What choices do you have?

You have four choices when you record a choice in the Donorregister.

1. Yes: I want to be a donor

You want to be a donor. You can donate the following organs and tissues:

  • organs: pancreas, intestines, heart, liver, lungs and kidneys;
  • tissues: blood vessels, bone tissue, heart valves, cartilage, tendons, skin, eyes and nerve tissue.

You may perhaps not want to donate certain organs and tissues. You can fill this in.

Read more about what happens if you become a donor.

Scientific research

Sometimes the doctors will not be able to use your organs or tissues. The doctor will then not use your organs for a patient. Your organs will be used for scientific research. These studies let doctors learn more about transplants.

If you do not want to be part of such studies, you can tell the Donor Register.

2. No: I do not want to be a donor

You do not want to be a donor.

3. My partner or family will decide

Your partner or family can decide in the event of your death.

  • If your partner is available or present in the hospital, the doctor will speak with your partner. Your partner then decides which choice is made.
  • If you do not have a partner or if your partner is not available or is not present in the hospital, the doctor will speak with your family. Your family then decides which choice is made.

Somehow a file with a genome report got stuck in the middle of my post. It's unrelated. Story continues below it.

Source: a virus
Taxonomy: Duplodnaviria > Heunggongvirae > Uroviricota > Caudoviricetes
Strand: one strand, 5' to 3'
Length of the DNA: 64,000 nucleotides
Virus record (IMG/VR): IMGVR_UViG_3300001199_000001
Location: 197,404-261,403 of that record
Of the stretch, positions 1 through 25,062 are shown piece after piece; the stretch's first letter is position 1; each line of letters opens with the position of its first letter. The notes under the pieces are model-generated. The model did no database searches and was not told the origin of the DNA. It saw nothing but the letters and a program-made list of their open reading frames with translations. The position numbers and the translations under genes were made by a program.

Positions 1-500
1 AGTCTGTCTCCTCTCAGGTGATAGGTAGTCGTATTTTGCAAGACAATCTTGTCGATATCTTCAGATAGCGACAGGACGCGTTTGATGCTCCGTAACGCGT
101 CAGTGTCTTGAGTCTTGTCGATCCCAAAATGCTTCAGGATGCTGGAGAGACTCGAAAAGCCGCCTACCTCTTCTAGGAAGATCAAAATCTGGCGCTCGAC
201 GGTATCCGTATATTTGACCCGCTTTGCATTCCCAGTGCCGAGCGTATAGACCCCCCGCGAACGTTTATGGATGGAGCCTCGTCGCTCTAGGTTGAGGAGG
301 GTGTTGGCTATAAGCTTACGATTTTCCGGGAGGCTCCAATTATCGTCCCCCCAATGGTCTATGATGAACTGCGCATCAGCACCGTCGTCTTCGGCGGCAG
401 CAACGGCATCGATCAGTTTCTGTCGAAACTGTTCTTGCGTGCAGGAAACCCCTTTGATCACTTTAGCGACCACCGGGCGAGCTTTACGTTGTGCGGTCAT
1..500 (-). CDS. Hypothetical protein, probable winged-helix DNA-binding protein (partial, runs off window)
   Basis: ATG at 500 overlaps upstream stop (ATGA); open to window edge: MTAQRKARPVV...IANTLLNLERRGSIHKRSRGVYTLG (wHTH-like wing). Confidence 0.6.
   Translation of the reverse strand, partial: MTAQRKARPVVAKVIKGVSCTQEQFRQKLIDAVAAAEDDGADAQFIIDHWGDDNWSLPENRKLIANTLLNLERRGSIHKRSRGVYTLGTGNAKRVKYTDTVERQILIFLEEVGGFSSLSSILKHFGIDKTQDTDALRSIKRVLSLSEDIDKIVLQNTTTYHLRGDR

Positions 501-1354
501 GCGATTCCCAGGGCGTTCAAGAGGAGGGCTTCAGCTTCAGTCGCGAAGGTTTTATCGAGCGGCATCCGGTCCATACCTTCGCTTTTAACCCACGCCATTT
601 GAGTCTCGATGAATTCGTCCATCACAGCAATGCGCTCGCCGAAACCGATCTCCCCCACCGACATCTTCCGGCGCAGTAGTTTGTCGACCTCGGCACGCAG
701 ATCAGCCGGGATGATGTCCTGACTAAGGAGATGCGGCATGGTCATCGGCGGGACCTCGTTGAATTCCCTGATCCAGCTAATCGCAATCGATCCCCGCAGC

• Is there no partner or family present and are you registered in the Donor Register with this choice? Then you will not become a donor.
  • If there is a disagreement about the donation, then you will not become a donor. the donation will be canceled.

What do the terms ‘partner’ and ‘family’ cover?

A ‘partner’ is:

  • your husband or wife;
  • the man or woman with whom you have a registered partnership;
  • a person with whom you have a relationship and with whom you are living.

‘Family’ are:

  • first and second-degree family members;
  • your partner’s first and second-degree family members.

By which we mean:

  • first-degree: father, mother, son or daughter;
  • second-degree: grandparent, sister, brother or grandchild.

Only family members aged over 18 are allowed to decide.

4. A person nominated by me will decide

You want someone else to decide for you after your death.

  • Discuss this with the person who will be choosing for you.
  • This person may also live abroad.
  • Make sure that the details of this person in the register are correct. If the data changes, update it in the Donor Register as well by changing the details of your choice.
  • If this person cannot be reached after your death, your partner or family will decide whether or not you are to be a donor.